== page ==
Annexation issue heats up in Batavia

June 23rd, 2011    Author: Kristin Bednarski    Filed Under: News

Village of Batavia Administrator Dennis Nichols said the village has been exploring annexation since he started there almost a year ago. When Nichols approached property owner Richard Saylor about annexation, and Saylor was interested, Nichols decided to throw a couple more properties into the mix.

Nichols drew up a map that would annex approximately 108 acres into the village, including to the University of Cincinnati Clermont, the Southern Ohio Developmental Center, and Saylor’s property.

This is possible because a property owner must sign the petition for annexation, and in this case Saylor signed the petition. Government agencies, however, cannot sign a petition, and approval is not required from either U.C. Clermont or the Southern Ohio Developmental Center to move forward with the annexation.

With an annexation, the village provides property owners services such as water, sewer and law enforcement and in turn, the village can collect tax from the property owners, or employees of businesses on the property.

The village of Batavia already collects a 1 percent earnings tax from employees, as well as property tax from residents in the village. So if the properties are annexed, owners and employees of the newly annexed properties would be required to pay these taxes.

Money grab? Nichols said “Absolutely.” And his attitude, along with the concept of annexation, has created some controversy, especially with employees at U.C. Clermont. Although the university is exempt from paying the property tax, employees would pay the 1 percent earnings tax.

“I think the village and the college have had a positive relationship for almost 40 years,” said Dr. Frank Hauser, a biology teacher at the college. “It seems the recent attempt to annex is more on the part of greed of the administrators in the village than services rendered.”

According to Hauser and Mae Hanna, director of college relations, the college is self sufficient. Hanna said they receive water and sewer service from the county and use the university’s police force and maintenance team.

“They are offering us services we don’t need,” Mae said. “We would love to see them improve but we would love to see them do that through partnerships and not by taking money through a money grab.”

Some employees are so upset about the annexation that they are boycotting businesses in the village, including gas stations, restaurants and local shops.

“They feel they haven’t had a voice in the process,” Dean Gregory Sojka said about the employees who are against the annexation. “They are concerned because they don’t know what services they will receive. Some of them are upset and some of them are angry.”

Dean Sojka said the college has employees at every level, from professors to custodial workers to students in work study programs.

“I am concerned about them,” Dean Sojka said. “Everybody is supporting families and some people haven’t had pay increases.”

Employees at the Southern Ohio Developmental Center declined to comment on the annexation.

When it comes to approving or fighting the petition for the annexation, the Batavia Township Trustees and Clermont County Commissioners are really the only bodies that can make a move, and their actions are all based on a list of seven requirements that have to be met.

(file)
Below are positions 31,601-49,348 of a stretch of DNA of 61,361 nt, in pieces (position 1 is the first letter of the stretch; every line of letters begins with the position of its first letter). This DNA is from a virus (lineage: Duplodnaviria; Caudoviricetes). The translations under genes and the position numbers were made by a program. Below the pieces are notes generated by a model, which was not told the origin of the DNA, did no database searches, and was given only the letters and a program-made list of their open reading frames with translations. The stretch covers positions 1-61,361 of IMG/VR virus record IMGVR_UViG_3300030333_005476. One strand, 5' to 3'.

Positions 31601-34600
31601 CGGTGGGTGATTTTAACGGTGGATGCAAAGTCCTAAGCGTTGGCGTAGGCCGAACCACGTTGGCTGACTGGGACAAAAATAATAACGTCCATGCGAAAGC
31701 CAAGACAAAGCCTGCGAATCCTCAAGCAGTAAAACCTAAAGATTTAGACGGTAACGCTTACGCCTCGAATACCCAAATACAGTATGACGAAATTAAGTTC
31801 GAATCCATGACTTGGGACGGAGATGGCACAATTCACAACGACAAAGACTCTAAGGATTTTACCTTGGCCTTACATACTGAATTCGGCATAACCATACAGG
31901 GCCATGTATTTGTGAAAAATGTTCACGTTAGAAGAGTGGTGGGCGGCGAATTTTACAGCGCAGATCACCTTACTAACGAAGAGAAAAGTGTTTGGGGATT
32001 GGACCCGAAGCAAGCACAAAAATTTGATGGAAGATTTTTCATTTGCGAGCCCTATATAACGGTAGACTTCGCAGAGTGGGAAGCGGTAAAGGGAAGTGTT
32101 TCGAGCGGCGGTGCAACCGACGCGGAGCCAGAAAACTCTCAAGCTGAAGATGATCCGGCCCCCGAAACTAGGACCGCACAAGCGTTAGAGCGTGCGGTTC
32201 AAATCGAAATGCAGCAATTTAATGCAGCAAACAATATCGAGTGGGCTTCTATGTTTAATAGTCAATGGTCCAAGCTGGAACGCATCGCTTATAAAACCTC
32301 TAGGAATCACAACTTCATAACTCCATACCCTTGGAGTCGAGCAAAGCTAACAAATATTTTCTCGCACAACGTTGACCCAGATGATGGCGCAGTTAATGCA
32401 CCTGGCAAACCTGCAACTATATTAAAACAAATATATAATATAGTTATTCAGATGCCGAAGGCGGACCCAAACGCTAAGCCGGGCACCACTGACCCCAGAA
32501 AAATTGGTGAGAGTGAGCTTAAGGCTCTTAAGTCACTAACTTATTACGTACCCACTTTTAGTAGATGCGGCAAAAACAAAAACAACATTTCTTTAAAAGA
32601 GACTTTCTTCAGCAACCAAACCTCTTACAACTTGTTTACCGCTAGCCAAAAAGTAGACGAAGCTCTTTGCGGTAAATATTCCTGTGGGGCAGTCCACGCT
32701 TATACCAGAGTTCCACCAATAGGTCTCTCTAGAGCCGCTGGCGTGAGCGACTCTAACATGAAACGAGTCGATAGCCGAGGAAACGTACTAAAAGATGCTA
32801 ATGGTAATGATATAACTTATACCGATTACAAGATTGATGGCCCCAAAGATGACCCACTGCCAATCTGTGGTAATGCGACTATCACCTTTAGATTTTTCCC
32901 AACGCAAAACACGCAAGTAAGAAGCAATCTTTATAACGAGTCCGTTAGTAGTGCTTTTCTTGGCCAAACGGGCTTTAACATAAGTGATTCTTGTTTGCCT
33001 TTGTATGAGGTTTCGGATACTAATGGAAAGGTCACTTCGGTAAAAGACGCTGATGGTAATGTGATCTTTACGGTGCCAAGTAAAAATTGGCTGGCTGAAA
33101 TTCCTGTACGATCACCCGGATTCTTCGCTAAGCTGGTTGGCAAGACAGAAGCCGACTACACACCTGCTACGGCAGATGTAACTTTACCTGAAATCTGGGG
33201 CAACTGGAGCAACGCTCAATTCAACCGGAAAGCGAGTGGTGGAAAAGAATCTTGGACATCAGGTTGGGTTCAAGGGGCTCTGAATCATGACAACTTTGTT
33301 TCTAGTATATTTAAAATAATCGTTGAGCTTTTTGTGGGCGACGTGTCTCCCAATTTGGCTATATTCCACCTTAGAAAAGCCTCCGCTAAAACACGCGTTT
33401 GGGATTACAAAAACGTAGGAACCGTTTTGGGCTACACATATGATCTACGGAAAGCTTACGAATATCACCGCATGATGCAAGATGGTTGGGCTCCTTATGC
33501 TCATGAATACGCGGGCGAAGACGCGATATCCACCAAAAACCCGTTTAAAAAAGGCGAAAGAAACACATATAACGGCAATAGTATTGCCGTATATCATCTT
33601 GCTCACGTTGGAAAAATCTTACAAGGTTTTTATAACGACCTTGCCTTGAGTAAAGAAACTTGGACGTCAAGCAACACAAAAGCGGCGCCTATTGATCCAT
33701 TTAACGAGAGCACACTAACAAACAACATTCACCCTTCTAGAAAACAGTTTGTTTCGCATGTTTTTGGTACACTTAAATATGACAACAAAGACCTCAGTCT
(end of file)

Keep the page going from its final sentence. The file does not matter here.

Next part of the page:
Rex Parsons, Batavia Township administrator, said the only way trustees can prevent the annexation is if they can prove that at least one of seven requirements is not met.

Requirements are related to road and property details as well as deadlines for the annexation. Once the petition moves on to commissioners, Parsons said they can only point out errors with the requirements.

Nichols said if the three properties are annexed, they would still be a part of the township, but would be a part of the village also.

Both Nichols and Mayor John Thebout feel the village should have annexed properties sooner, especially U.C. Clermont, which Nichols said has been getting a free ride for years. Nichols expressed this staff members in a letter addressed June 13.

“A community is more than a set of service transactions,” Nichols wrote. “And members of the community owe a legal and moral obligation for upkeep of its institutions, infrastructure and public places. Any notion that the faculty and staff of the University of Cincinnati Clermont College should somehow be exempt from that burden is without merit.”

Nichols estimated that more than $200,000 would be collected from the earnings tax. He said the village wants to use the money for capital improvements, including the renovation of existing infrastructure and improvements to the village that will help aid in its appearance and bring more business to the area.

Some business owners already in the area have said they are OK with the annexation, including Naimeh David, the owner of Moon-Lite Chili on Main Street.

“In my opinion I think it would be good,” David said. “That would be great for the business for the town.”

Village officials’ goal is to improve the village by bringing more business and more business owners to Batavia, but without additional revenue this is difficult.

“The council and myself and the village administrator have worked hard to watch what we spend,” said Mayor Thebout. “And we plan on doing the same thing in the future. Just because the money is coming in, doesn’t mean we’ll spend it foolishly, it’s just going to give us the help that we need.”

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